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Reviewed by Viga Boland for Readers' Favorite
In the closing pages of I Promised Not to Tell by Cheryl B. Evans, the author says she wonders if she has made a mistake in publishing this book. Let me begin by assuring her the only mistake would have been to not publish it. I Promised Not to Tell is quite possibly one of the most important books to date on a very controversial and little understood social issue: transgenderism. And what makes it even more valuable is that the focus is on helping parents recognize, and whether they like it or not, accept that their daughter might actually be a son or vice versa.
To enlighten others about some of the dreadful problems associated with a child being transgender, since she promised not to tell, Cheryl B. Evans has had to use fictitious names for real people. The real people in this story are members of her own family. I Promised Not to Tell is about Cheryl’s daughter, Jordan, whose transition from female to male begins around the time of puberty. Had the parents ignored or dismissed the warning signs that things just weren’t right for Jordan at that time, this story would most likely have had an unwanted and tragic ending.
But as Cheryl B. Evans states early in I Promised Not to Tell, and repeats throughout the book, what she and her husband wanted most for her children was their happiness. And everything these parents do in this book proves they mean what they say. They listened to and trusted in what Jordan believed was right for her; they educated themselves on transgenderism; they located knowledgeable therapists and doctors, and stood united and strong beside their daughter when faced with religious ignorance that claims such children are “not of God.”
Cheryl B. Evans has documented each life-changing step of Jordan’s transition from female to male so that others who may be facing the same issues and don’t know where to turn have a place to start, coupled with the knowledge they are not alone. Cheryl addresses issues like washroom use, dating in later years, and the gender affirming surgeries more frequently called sex reassignment. At the end of the book she includes a list of resources and contacts, including the names of doctors her family worked with.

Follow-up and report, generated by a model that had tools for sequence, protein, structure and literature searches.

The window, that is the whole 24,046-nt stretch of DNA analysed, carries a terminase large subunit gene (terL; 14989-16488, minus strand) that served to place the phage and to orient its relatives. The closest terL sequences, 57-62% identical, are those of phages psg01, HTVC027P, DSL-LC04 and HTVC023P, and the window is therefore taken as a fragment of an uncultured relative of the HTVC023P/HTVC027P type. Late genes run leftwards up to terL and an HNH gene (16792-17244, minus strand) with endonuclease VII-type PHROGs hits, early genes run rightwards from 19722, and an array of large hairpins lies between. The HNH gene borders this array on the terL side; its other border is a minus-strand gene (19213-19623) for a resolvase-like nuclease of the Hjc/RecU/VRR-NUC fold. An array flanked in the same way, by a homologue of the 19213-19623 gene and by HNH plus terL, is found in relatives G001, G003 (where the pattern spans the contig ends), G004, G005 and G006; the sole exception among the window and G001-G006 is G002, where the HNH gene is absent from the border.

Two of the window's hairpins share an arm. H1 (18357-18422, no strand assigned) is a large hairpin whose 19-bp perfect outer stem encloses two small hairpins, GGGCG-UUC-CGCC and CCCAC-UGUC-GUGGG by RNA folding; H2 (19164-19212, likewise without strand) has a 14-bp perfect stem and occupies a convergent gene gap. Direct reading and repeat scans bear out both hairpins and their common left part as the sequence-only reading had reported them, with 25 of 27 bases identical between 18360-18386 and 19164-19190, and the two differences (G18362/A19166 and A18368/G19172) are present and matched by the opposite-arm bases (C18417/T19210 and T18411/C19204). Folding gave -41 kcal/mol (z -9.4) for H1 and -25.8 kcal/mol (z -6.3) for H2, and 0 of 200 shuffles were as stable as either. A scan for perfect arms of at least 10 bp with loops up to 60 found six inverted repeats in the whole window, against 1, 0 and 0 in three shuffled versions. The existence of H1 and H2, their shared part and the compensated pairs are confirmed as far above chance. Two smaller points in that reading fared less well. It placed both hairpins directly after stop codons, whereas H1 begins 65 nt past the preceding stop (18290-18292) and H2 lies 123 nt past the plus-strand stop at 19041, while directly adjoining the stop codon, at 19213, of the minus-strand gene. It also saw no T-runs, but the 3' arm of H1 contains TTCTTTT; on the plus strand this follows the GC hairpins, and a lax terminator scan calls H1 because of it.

Other issues raised by Cheryl are the complications that arise with simple day to day things like passports, birth certificates, driving licences etc. Think of all the official forms we fill out daily that ask us to identify ourselves as M or F. Well, what happens when F is now M? This paperwork can take months, even years to change over. And on deeper levels, Cheryl makes one look at the ramifications of dating, falling in love, and falling out of love with someone who knows your secret, and then tells all your mutual friends. Again, we face another social situation where people are forced to hide their true selves. As if there isn’t enough cover up of so much in our world already.
I’m sure it’s Cheryl’s hope that, if nothing else, I Promised Not to Tell will open a few more minds, clarify the myths and falsehoods, and get more people talking openly about what being transgender really means. If you are facing such a situation with your child, I urge you to read this book. Both you and your child need what Cheryl has so kindly shared with readers and parents. And when you do, I’m sure you will come away impressed not just by the courage shown by Jordan in this book, but by the love Cheryl and her husband have for their children and their compassion for all people. That love affirms what I’ve always believed: true love has nothing to do with gender. Love is love. I loved I Promised Not to Tell. Couldn't put it down. Highly recommended reading